The Nieman Foundation’s 2022 cohort assembled a memorial in remembrance of Brent Renaud, acclaimed journalist and former Nieman fellow, in Harvard’s Science Center Plaza Tuesday afternoon.
Brent Renaud, Acclaimed Filmmaker and Ex-Nieman Fellow Killed in Ukraine, Remembered as ‘Incredibly Kind’ and ‘Relentless’
Acclaimed filmmaker and former Nieman Foundation fellow Brent A. Renaud was killed on March 13 by Russian forces in Irpin, a suburb of Kyiv, while filming Ukrainian refugees fleeing from the war.
In the midst of a hectic schedule — flying between Boston, Rwanda, and Haiti, teaching at the University, and meeting dignitaries — renowned Harvard physician Paul Farmer always made time for the people in his life, his colleagues and students say.
Charles V. Willie, an American sociologist and Harvard Graduate School of Education professor famed for his work with school integration, race relations, and public health, died at the age of 94 on Jan. 11.
Lani C. Guinier '71, the first tenured woman of color at Harvard Law School, died last Friday at age 71 following a long battle with Alzheimer’s disease. Throughout her law career, she was widely regarded for her trailblazing scholarship in voting rights and racial equity.
Edward O. Wilson, who taught at Harvard for 46 years and was dubbed “Darwin’s Natural Heir” for his groundbreaking research on evolutionary theory, died on Sunday at age 92.
Robert D. Fraser, a longtime steward at the Hasty Pudding Institute, died earlier this month in a car accident.
Kazhymurat died earlier this month while on leave from Harvard in Kazakhstan. Friends and mentors of Kazhymurat remembered him as a brilliant and kindhearted individual with a passion for his studies.
Philip Kreycik ’06, Who Died at 37 After Going Missing on Run, Remembered for ‘Quiet Strength’ and ‘Adventurous Spirit’
Philip Kreycik '06, an environmentalist and avid adventurer, disappeared on a trail run outside Pleasanton, Calif. on July 10. In a testament to his impact, hundreds rallied for a search and rescue effort that the Alameda County Sheriff's Office called one of the largest ever on the West Coast.
Harvard Psychology and African and African American Studies professor James H. Sidanius died on June 29 at age 75.
Distinguished Harvard Geneticist Richard C. Lewontin ’50, A ‘Fantastic Mentor,’ and ‘Polymath,’ Dies at 92
Richard C. Lewontin ’50, a renowned population geneticist and organismic and evolutionary biology professor at Harvard, died on July 4 at the age of 92. Though he retired in 2003, he remained involved with Harvard until shortly before his death.
Former Adams House Master and Astronomy Professor William Liller ’48, ‘Enamored With the Cosmos,’ Dies at 93
Former Harvard Astronomy professor and Adams House Master William Liller ’48 couldn’t take his eyes off the stars.
Bernard Lown, whose life’s work spanned from pivotal breakthroughs in medicine to humanitarian efforts against nuclear war that won him the 1985 Nobel Peace Prize, died at age 99.
Nina C. de W. Ingrao, ‘Devoted’ and ‘Gracious’ Spanish Instructor for Four Decades at Harvard, Dies at 87
Nina C. de W. Ingrao, who served Harvard for 40 consecutive years between her roles as a Spanish Language preceptor at the College and the Extension School, died at 87 on Feb. 3.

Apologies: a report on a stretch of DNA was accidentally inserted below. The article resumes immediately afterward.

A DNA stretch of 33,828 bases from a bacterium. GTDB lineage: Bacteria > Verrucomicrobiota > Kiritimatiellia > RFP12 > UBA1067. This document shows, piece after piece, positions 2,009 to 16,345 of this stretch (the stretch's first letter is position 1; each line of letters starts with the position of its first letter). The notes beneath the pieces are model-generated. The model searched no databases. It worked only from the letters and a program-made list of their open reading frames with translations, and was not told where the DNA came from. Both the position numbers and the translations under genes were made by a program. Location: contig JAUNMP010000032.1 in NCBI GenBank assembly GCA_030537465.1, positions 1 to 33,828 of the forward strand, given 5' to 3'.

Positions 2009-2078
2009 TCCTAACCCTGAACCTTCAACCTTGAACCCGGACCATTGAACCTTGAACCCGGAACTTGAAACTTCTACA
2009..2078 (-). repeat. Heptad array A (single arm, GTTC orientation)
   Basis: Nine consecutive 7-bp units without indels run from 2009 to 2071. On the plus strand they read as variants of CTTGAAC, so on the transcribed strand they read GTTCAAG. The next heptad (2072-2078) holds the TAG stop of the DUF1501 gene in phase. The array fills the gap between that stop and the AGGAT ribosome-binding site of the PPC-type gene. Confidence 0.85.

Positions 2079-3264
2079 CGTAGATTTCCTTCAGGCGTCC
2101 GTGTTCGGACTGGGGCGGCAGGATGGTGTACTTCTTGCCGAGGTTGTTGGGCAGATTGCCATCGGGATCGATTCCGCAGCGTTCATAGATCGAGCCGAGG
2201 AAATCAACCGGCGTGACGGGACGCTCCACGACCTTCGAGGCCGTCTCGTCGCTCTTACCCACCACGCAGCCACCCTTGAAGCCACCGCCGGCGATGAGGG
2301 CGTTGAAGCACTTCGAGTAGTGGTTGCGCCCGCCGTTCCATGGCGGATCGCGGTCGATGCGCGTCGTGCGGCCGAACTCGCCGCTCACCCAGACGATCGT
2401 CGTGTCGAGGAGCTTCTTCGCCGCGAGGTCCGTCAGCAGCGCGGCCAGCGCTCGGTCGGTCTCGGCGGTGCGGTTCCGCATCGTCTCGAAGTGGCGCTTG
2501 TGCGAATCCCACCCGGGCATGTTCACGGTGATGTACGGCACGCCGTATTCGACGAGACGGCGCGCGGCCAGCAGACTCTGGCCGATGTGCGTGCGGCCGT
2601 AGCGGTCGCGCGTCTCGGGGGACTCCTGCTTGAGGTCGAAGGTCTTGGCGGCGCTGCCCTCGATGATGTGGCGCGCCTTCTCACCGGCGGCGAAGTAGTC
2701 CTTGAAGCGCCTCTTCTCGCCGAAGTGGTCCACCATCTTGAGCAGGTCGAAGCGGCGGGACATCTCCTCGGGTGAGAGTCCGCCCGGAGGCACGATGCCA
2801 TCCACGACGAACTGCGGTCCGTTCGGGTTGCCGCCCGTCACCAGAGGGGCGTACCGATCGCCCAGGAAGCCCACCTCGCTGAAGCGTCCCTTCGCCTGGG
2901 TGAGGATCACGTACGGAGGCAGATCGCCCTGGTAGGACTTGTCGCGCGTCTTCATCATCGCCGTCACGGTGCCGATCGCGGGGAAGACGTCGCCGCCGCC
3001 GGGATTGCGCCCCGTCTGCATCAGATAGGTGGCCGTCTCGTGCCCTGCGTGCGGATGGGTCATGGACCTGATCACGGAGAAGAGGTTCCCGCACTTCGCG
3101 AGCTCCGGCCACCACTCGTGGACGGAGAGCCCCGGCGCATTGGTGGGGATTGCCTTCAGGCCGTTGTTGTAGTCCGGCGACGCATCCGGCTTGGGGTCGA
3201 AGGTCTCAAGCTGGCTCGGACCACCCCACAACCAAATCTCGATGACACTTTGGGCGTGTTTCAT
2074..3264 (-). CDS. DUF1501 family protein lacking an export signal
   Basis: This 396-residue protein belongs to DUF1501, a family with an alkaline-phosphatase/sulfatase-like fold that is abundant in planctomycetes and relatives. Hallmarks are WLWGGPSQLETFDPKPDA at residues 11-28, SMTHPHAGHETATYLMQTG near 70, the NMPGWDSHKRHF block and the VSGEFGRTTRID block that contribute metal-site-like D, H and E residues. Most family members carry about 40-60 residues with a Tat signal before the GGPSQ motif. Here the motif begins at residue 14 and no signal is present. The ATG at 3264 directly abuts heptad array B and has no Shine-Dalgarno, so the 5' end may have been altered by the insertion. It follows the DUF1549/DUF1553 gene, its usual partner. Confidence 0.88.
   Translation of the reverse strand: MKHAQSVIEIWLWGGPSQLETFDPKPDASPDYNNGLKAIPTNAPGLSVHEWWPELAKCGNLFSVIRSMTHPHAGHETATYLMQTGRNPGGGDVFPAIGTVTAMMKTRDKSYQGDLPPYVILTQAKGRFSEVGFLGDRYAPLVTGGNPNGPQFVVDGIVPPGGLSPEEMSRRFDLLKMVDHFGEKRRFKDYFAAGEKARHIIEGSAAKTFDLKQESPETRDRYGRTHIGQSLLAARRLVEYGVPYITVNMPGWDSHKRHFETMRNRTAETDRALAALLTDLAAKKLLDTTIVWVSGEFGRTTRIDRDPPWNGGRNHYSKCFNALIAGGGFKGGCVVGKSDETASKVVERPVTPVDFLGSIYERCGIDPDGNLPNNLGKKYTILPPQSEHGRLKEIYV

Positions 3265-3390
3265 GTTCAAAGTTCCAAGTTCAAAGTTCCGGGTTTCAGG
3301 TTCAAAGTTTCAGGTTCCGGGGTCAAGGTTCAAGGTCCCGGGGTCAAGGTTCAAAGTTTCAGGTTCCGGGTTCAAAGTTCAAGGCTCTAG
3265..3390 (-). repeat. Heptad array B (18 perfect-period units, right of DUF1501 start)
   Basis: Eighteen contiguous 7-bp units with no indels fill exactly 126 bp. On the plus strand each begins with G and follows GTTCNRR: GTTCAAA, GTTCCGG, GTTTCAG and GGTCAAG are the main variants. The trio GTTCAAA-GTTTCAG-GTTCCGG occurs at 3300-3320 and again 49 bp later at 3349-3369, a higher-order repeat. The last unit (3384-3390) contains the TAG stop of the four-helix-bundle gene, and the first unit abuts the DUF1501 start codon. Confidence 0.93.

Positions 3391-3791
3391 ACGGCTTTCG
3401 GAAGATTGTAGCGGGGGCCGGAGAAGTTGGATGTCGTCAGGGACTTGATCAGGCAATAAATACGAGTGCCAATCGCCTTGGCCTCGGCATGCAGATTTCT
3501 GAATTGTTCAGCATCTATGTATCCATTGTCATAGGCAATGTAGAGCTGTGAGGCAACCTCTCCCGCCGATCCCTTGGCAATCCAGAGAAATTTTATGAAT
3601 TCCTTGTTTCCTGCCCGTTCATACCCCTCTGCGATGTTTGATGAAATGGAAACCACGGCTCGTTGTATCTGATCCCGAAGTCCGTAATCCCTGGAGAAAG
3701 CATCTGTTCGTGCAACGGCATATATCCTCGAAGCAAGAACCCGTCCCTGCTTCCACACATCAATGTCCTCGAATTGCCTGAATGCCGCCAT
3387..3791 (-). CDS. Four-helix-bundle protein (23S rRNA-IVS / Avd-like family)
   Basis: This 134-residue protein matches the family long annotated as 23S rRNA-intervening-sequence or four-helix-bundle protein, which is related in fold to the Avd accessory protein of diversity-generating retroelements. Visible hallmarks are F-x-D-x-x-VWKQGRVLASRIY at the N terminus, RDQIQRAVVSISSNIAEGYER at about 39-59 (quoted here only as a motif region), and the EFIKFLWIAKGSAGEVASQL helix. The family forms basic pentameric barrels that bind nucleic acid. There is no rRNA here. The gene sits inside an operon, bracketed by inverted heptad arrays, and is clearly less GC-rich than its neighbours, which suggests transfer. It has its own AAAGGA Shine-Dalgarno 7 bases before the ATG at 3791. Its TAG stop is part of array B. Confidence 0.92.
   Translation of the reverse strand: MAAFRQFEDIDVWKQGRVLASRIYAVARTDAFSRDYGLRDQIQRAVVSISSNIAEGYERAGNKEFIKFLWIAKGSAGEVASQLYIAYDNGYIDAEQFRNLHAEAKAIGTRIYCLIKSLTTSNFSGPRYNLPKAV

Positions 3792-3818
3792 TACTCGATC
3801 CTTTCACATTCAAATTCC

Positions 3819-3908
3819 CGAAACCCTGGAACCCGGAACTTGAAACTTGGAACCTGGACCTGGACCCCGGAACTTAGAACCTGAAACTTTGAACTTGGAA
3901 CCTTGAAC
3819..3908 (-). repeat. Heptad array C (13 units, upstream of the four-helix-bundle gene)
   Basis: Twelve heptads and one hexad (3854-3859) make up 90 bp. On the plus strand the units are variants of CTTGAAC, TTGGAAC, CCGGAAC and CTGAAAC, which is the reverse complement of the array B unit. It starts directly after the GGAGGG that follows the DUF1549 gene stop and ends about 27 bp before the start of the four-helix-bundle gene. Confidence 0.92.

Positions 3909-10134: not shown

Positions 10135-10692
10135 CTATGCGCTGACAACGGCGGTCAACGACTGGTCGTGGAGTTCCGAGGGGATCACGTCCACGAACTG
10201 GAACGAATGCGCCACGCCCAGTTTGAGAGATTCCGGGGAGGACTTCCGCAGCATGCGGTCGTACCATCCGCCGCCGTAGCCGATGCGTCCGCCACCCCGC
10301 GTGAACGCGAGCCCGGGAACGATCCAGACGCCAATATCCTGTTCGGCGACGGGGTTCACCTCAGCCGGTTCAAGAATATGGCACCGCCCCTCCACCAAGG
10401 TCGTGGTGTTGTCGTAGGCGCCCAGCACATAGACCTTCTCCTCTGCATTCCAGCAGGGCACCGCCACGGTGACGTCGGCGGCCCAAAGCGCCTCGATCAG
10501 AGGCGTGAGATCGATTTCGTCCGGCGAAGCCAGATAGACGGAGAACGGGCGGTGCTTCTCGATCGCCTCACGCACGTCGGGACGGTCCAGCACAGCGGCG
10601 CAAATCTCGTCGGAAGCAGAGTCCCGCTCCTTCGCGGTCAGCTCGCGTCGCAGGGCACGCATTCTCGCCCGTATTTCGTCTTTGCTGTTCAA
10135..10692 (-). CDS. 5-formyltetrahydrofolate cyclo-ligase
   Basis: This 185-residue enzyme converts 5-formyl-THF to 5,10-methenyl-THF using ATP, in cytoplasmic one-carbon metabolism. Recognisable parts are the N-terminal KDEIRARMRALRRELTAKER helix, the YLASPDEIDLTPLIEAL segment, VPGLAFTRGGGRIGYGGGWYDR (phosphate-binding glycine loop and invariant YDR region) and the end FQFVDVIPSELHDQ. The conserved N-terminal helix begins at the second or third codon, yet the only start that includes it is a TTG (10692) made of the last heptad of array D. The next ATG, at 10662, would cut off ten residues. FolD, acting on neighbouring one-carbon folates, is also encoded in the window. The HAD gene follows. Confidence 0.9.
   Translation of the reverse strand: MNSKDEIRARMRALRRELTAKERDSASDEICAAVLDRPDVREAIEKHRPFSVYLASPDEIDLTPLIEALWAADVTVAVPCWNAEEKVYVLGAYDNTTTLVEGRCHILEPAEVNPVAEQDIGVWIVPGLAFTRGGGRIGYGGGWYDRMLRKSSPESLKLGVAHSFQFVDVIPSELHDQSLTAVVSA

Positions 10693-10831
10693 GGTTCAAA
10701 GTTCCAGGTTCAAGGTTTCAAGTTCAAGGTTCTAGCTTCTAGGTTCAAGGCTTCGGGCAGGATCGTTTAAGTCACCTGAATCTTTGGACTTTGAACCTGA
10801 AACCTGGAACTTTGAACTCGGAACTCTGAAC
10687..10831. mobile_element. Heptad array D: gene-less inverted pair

Harvard Law School Professor Wendy B. Jacobs, Who Pursued Environmental Law to ‘Make a Difference,’ Dies at 64
Above all, Goldstein said that Jacobs was a trusted friend who was always willing to spend time with her colleagues, even outside of their clinical work. Jacobs, a professor at Harvard Law School passed away on Feb. 1 after an illness. She was 64.
Alexander Goldfarb — an assistant professor at Harvard Medical School — was found dead on Jan. 18 at the age of 57. He went missing while attempting to summit Pastore Peak in Pakistan.
Richard N. Cooper — who taught international economics at Harvard starting in 1981 and served in four different U.S. presidential administrations — died of lymphoma on Dec. 23 at age 86 at his home in Cambridge.
Harvard Remembers Tommy Raskin, an ‘Extraordinary Young Person’ with a ‘Perfect Heart' And ‘Dazzling Radiant Mind'
Relentlessly passionate about aiding the global poor, Thomas B. “Tommy” Raskin's friends and family said they will remember him as a visionary who displayed an intense commitment to justice and the truth.
Vogel, who served as Henry Ford II Professor of the Social Sciences, Emeritus, and was described by his colleagues as a visionary in East Asian studies, died on Dec. 20 at age 90 of complications from cancer surgery.
In their 30-year collegial relationship, what Professor Charles S. Maier ’60 remembers most about Guido G. Goldman ’59 is his “magic sense of connectivity” — a connectivity that stretched from personal relationships to trans-Atlantic partnerships.
Faculty and administrators from across the University said Lue left an indelible mark wherever he went. He fought relentlessly to ensure that all students could access a high-quality education, whether they were at Harvard or not. He saw no limits to where a Harvard education should — and could — be accessed.
In the middle of Harvard’s 350th anniversary celebrations, Harvard Radio Broadcasting – known by its call name WHRB – had a problem. The station was airing an outdoor concert next to Widener Library when one of its microphones stopped working.
As the WSRP’s director, Buchanan was tasked with recruiting each year’s scholars, networking to gain faculty support, and procuring funding. That work paid dividends, particularly for the women Buchanan advanced, Gilkes said — including women of color.